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1.  Dexamethasone Down-Regulates Expression of Triggering Receptor Expressed on Myeloid Cells-1: Evidence for a TNFα-Related Effect 
Objectives: To investigate the effect of dexamethasone on triggering receptor expressed on myeloid cells-1 (TREM-1).
Methods: Wild-type and tumor necrosis factor (TNF−/−) mice were pre-treated with saline, dexamethasone, or hydrocortisone and exposed to a lethal infection of Pseudomonas aeruginosa. Mortality and TREM-1 on neutrophil membranes was measured after sacrifice. U937 human monocytic cells were stimulated with lipopolysaccharide (LPS) or heat-killed P. aeruginosa without or with dexamethasone or hydrocortisone, and cell-surface TREM-1 and soluble TREM-1 (sTREM-1) were quantified. Expression of TREM-1 and sTREM-1 was also studied in LPS-stimulated U937 cells incubated in the absence or presence of TNFα or anti-TNFα antibody.
Results: Pre-treatment with dexamethasone, but not hydrocortisone, prolonged animal survival. Mice pre-treated with dexamethasone showed decreased expression of TREM-1 on neutrophils. In U937 cells, LPS or heat-killed P. aeruginosa induced the expression of TREM-1 and the release of sTREM-1. U937 TREM-1 and sTREM-1 were decreased upon addition of dexamethasone but not hydrocortisone. The suppressive effect of dexamethasone was enhanced in the presence of exogenous TNFα and lost in the presence of anti-TNFα antibody. In TNF−/− mice, dexamethasone suppression of mortality and TREM-1 neutrophil expression was lost. Gene expression of TREM-1 in U937 monocytes was decreased after treatment with dexamethasone.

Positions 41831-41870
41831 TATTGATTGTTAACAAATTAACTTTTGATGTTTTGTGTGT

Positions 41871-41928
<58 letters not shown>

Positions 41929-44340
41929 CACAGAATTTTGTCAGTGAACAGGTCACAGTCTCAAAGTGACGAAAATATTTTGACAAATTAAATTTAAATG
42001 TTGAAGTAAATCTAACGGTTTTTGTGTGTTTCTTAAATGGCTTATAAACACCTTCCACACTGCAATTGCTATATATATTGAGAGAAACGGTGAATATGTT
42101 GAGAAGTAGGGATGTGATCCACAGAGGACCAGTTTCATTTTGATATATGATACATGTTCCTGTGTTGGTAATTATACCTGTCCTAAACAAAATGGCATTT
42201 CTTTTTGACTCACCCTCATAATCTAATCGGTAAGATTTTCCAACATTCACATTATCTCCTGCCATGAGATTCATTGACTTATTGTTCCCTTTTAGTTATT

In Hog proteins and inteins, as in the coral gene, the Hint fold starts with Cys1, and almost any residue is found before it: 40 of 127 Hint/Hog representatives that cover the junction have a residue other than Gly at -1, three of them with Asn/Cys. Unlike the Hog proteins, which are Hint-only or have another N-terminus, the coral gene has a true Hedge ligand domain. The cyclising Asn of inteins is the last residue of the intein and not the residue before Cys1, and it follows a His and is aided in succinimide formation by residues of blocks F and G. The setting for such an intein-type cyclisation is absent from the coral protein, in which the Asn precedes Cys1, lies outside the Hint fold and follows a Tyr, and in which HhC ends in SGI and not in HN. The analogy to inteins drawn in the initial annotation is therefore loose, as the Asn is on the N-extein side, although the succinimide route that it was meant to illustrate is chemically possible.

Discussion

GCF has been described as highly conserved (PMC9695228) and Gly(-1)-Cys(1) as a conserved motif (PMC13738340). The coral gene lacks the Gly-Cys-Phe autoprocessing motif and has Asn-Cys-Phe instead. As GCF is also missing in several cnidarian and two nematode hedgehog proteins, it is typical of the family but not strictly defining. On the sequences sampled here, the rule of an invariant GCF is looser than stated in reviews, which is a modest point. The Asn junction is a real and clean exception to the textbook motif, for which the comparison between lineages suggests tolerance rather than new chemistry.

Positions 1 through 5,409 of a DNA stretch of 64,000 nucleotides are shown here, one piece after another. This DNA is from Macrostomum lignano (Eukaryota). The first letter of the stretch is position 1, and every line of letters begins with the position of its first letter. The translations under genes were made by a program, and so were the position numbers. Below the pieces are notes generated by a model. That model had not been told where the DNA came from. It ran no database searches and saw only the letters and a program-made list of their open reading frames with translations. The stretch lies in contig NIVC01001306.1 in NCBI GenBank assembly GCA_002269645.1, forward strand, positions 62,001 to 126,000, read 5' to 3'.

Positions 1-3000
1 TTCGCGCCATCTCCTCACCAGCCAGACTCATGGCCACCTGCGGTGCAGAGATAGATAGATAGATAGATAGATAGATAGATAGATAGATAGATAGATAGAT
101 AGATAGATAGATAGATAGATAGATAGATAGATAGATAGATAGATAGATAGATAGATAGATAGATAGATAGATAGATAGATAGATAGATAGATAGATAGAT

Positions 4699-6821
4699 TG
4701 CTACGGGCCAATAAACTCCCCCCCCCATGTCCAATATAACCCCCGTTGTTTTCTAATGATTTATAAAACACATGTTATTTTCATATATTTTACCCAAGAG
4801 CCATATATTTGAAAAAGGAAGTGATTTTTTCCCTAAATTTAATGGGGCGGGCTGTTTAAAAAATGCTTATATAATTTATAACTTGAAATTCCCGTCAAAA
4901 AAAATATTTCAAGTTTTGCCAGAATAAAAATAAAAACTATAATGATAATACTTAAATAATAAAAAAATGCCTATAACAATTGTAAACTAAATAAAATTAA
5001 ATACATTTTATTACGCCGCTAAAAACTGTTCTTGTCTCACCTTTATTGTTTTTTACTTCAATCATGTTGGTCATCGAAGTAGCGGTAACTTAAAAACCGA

Conclusion: TREM-1/sTREM-1 is a novel site of action of dexamethasone. This action is associated with down-regulation of gene expression and is mediated by TNFα.
doi:10.3389/fpubh.2013.00050
PMCID: PMC3859977  PMID: 24350219
TREM-1; TNFα; monocytes; Pseudomonas aeruginosa; dexamethasone
2.  Activity enhances dopaminergic long-duration response in Parkinson disease